Saturday, September 18, 2021

Birds vs Glass

Nature runs on its own clock, its own calendar.

It doesn't care what we humans come up with.   

Nature is now saying "fall is here" with purple asters...

...and white.

It's the last burst of the wildflowers I love to photograph.

Nature is also calling birds home.

Right now, fall bird migration is in progress. Did you know there is an Internet tool to help track bird migrations?  It's called BirdCast.  Tonight and tomorrow night, BirdCast predicts high migration levels in our area, about 150 miles from New York City.

Trigger alert: If you have a weak stomach, you may not want to click on the next link.

In cities such as New York City, however, another tragic fall is unfolding, as hundreds of dead migratory birds have been picked up in recent mornings.  226 just around the World Trade Center's Freedom tower - that beautiful tower that replaced buildings destroyed in the September 11 attacks.

Tuesday was a bad morning, especially.

Birds can't tell glass reflections from natural scenery.  Actually we humans can't, either, but we learn, at early ages, various cues that tell us nope, don't collide with that.

Birds don't get that education.  The cues that work for us, additionally, don't work for them.  So, it is estimated that possibly as many as one billion (no, that isn't a typo) birds die in collisions with human structures each year. (this link is safe to click on, and it contains fascinating information).

Hundreds of thousands of birds are migrating in North America right now and many will not make it to their destination.  

One thing I never realized until this year is that many of the summer birds we enjoy where I live in the Southern Tier of New York iare actually southern birds who summer here (like reverse snowbirds).  They come around April and May, and leave in September and October, heading back to the places they live in much of the year.  They aren't "our" birds.  In fact, some 40% of birds migrate - some short distances, some thousands of miles.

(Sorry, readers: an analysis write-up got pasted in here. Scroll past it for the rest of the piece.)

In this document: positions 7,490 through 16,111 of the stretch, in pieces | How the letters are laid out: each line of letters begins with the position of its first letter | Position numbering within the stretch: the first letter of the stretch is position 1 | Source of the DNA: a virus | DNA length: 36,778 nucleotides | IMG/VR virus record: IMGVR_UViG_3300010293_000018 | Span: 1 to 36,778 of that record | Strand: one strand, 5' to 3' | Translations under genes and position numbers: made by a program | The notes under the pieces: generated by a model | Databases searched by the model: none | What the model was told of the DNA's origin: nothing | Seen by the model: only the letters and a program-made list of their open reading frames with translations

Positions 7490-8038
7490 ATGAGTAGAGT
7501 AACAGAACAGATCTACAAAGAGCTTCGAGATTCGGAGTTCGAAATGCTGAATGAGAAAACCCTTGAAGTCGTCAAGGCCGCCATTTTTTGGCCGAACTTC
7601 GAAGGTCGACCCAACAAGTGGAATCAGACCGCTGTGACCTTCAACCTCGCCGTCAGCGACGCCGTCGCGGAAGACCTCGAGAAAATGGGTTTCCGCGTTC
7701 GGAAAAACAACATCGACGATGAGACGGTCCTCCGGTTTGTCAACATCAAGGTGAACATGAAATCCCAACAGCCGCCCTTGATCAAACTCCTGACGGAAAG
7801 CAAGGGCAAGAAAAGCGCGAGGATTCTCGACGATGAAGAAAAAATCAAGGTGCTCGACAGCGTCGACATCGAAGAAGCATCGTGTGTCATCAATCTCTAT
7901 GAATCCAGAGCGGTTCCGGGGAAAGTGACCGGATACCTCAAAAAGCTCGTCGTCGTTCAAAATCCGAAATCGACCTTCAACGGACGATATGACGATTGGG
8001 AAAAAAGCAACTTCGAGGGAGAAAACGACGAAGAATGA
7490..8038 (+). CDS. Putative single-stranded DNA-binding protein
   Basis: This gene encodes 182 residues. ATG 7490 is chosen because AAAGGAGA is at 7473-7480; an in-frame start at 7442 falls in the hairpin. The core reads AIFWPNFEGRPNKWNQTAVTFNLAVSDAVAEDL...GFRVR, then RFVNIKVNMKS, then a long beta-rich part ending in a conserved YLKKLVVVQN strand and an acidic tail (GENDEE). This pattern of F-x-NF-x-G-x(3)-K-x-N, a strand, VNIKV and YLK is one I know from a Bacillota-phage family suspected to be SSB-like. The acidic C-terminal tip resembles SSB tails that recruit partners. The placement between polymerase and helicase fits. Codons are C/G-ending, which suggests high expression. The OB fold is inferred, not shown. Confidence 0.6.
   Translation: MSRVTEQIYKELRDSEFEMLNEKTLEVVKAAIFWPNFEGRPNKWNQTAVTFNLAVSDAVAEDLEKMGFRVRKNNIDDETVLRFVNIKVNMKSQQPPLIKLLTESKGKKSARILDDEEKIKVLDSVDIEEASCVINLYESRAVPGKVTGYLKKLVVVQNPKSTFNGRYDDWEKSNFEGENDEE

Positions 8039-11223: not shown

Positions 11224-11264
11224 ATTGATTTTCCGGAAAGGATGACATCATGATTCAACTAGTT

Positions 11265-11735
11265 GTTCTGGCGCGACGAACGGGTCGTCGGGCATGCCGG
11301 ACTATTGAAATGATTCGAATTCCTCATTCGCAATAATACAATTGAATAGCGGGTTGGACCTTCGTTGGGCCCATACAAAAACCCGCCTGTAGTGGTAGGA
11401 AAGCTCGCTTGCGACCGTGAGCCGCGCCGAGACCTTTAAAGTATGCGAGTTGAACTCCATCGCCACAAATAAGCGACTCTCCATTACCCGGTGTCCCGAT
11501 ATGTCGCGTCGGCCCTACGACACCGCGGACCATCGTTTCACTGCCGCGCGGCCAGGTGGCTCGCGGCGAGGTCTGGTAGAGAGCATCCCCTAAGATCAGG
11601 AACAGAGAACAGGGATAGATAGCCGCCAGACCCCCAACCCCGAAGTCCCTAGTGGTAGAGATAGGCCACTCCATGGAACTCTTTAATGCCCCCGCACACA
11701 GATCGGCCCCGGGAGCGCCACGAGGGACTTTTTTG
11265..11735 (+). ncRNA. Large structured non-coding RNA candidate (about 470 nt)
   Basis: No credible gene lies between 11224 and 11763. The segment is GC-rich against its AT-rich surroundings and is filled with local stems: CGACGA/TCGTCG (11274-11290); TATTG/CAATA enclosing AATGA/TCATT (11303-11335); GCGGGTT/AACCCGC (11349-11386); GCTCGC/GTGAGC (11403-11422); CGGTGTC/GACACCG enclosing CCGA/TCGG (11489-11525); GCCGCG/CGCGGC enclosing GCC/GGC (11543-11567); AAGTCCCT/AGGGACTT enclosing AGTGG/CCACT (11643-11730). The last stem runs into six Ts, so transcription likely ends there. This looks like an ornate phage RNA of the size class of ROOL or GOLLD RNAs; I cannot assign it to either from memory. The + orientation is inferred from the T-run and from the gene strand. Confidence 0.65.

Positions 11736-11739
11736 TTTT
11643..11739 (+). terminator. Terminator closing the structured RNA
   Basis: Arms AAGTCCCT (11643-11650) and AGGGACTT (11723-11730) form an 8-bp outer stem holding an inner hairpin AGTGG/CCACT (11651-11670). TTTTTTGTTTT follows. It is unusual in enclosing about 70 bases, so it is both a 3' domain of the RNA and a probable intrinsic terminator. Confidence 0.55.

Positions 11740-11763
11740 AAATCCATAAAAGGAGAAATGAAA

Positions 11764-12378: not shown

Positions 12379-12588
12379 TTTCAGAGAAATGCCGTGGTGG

They come to our northern lands to breed, and our hearts are gladdened by their presence. But now Nature is calling them home.

Around 80% of them migrate at night.  The moon and stars guide them.  They don't have daytime thermals to deal with. Cooler temperatures help dispel the extra body heat of long distance flying.  I never realized that some of the night sounds aren't crickets, but, possibly, birds communicating with their fellow flyers.

The nighttime is busy and full of birds.

That's where turning off lights in city office buildings come in.   They won't be distracted by the light of artificial structures, and won't be drawn in to their doom.  But this solution isn't implemented often enough.  Here's one effort:  Lights out Philly.

Structures can also be designed to be less harmful to birds.  

For daytime collisions, there are other solutions, ones that homeowners (like me) should consider, because birds also collide with the windows of our homes.  I used to think "well, I don't see dead birds here in my yard, so why should I worry?" Turns out I'm wrong. 

I'm only starting my own birding journey, and I still have so much to learn.

One may ask, why should we care about some birds dying, when so many humans are suffering right now?  It's a good question.

But we depend on birds for so much - pollination, eating insects that hurt our survival, joyous song, and yes - the needed work of scavenging.  Let's not forget the billions of domestic birds that are direct members of our food chain, too (with apologies to my vegan and vegetarian readers.)

Birds need us.

But perhaps, even more, we need birds.


  1. Interesting, about glass and birds.
    Coffee is on and stay safe

  2. I just heard about this on the news. I hate the thought of dead birds.

  3. One of my neighbors has a picture of a young girl in her front window. We thought maybe it was a remembrance of some kind. No! It is to keep birds from flying into it! I have a house that has lots of glass, and birds are always flying at it.

  4. Turning off lights in office buildings is good for the power grid, too, I would think. Scary to think that so many birds are dying when they don't need to be. We do such damage to the environment in many ways.

  5. I grieve when anything dies needlessly or heedlessly. I had no idea of the numbers!


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